Tuesday, February 01, 2011

Private Construction Spending decreases in December

by Bill McBride on 2/01/2011 12:45:00 PM

Catching up ... the Census Bureau reported this morning that overall construction spending decreased in December compared to November.

[C]onstruction spending during December 2010 was estimated at a seasonally adjusted annual rate of $787.9 billion, 2.5 percent (±1.3%) below the revised November estimate of $807.8 billion.
Private construction spending also decreased in December:
Spending on private construction was at a seasonally adjusted annual rate of $486.9 billion, 2.2 percent (±1.1%) below the revised November estimate of $498.0 billion. Residential construction was at a seasonally adjusted annual rate of $226.4 billion in December, 4.1 percent (±1.3%) below the revised November estimate of $236.1 billion. Nonresidential construction was at a seasonally adjusted annual rate of $260.5 billion in December, 0.5 percent (±1.1%)* below the revised November estimate of $261.9 billion.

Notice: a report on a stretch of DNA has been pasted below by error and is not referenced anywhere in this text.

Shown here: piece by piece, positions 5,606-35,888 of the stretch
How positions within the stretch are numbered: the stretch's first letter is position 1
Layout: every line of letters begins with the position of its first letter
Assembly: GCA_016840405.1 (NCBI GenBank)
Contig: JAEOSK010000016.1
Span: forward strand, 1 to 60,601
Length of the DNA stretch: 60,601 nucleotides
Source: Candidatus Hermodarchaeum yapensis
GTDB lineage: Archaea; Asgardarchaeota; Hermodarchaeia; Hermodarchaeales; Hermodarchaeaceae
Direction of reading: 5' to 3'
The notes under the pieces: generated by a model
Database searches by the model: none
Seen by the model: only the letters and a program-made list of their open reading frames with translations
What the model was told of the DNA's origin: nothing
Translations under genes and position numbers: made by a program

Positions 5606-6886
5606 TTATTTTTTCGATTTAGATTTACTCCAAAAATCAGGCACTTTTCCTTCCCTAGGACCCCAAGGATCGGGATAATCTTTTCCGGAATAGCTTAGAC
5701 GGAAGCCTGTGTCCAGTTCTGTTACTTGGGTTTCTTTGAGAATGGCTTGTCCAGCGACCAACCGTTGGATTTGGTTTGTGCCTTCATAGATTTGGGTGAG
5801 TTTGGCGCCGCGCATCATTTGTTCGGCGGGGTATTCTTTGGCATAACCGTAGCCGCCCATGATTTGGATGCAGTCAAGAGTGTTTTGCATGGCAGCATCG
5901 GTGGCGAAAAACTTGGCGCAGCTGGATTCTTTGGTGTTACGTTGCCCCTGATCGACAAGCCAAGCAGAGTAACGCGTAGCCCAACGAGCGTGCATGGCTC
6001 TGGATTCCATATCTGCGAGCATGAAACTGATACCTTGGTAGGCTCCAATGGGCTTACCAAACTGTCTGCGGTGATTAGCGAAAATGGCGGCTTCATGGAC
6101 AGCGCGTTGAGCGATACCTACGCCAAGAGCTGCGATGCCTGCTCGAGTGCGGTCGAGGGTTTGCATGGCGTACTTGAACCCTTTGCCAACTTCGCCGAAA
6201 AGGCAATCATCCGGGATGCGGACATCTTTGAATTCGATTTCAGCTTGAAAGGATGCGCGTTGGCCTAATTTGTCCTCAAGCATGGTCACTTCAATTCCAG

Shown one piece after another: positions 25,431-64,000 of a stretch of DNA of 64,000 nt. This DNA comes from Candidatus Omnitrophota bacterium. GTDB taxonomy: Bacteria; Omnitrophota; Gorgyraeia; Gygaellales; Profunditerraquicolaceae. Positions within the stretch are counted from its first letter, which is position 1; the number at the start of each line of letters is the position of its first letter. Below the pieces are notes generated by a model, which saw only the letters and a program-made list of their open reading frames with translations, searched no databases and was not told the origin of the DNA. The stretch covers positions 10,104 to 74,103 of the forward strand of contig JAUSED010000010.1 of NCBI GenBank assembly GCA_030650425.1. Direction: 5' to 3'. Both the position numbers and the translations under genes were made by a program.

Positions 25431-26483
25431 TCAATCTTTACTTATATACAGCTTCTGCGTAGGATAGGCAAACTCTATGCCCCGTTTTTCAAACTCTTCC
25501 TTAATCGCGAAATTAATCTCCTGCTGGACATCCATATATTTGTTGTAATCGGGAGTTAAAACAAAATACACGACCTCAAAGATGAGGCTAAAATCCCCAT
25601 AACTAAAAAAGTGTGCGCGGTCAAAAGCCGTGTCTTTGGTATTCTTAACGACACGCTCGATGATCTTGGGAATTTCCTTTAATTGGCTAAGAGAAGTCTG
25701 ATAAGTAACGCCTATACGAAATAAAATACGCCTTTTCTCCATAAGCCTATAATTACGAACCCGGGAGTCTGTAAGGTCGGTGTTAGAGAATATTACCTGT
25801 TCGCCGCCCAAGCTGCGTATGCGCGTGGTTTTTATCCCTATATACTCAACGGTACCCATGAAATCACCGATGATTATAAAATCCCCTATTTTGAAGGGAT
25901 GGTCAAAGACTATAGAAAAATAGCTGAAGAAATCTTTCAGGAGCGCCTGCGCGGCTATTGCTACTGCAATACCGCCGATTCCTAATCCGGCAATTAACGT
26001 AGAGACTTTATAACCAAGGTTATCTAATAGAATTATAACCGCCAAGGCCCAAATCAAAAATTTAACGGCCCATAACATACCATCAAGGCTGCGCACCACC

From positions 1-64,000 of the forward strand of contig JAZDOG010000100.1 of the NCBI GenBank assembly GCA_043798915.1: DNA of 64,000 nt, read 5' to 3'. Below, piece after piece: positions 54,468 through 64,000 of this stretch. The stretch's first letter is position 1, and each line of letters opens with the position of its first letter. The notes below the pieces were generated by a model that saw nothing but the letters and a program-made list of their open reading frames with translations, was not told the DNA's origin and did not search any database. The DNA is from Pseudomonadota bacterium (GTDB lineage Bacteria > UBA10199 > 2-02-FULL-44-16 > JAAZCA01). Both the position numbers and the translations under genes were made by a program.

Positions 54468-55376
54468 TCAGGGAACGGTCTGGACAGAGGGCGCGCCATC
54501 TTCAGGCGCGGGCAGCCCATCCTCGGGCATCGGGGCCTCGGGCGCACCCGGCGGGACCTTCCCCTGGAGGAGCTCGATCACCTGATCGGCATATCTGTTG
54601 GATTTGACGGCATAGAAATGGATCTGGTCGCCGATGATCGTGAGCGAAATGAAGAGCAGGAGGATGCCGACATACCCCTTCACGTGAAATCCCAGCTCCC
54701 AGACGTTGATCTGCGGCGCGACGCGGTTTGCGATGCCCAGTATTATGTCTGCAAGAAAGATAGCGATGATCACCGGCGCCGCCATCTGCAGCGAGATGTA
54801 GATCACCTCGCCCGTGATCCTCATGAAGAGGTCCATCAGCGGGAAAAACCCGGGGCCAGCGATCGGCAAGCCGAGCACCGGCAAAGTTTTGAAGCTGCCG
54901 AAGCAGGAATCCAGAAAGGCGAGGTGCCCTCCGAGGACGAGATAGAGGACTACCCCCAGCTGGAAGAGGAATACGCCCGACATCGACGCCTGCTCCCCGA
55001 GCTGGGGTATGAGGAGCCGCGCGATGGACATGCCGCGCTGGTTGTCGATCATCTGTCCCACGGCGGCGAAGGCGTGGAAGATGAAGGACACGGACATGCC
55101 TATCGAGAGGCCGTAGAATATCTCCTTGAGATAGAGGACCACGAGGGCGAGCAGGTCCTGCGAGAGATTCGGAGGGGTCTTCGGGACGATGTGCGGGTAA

Private Construction Spending Click on graph for larger image in graph gallery.

This graph shows private residential and nonresidential construction spending since 1993. Note: nominal dollars, not inflation adjusted.

Both private residential and non-residential construction spending decreased in December.

Residential spending is 66.5% below the peak in early 2006, and non-residential spending is 37% below the peak in January 2008.

Sometime this year (in 2011), residential construction spending will probably pass non-residential spending. Although I expect the recovery in residential spending to be sluggish, residential investment will probably make a positive contribution to GDP and employment growth in 2011 for the first time since 2005. And that is one of the reasons I think growth (both GDP and employment) will be better in 2011 than in 2010.

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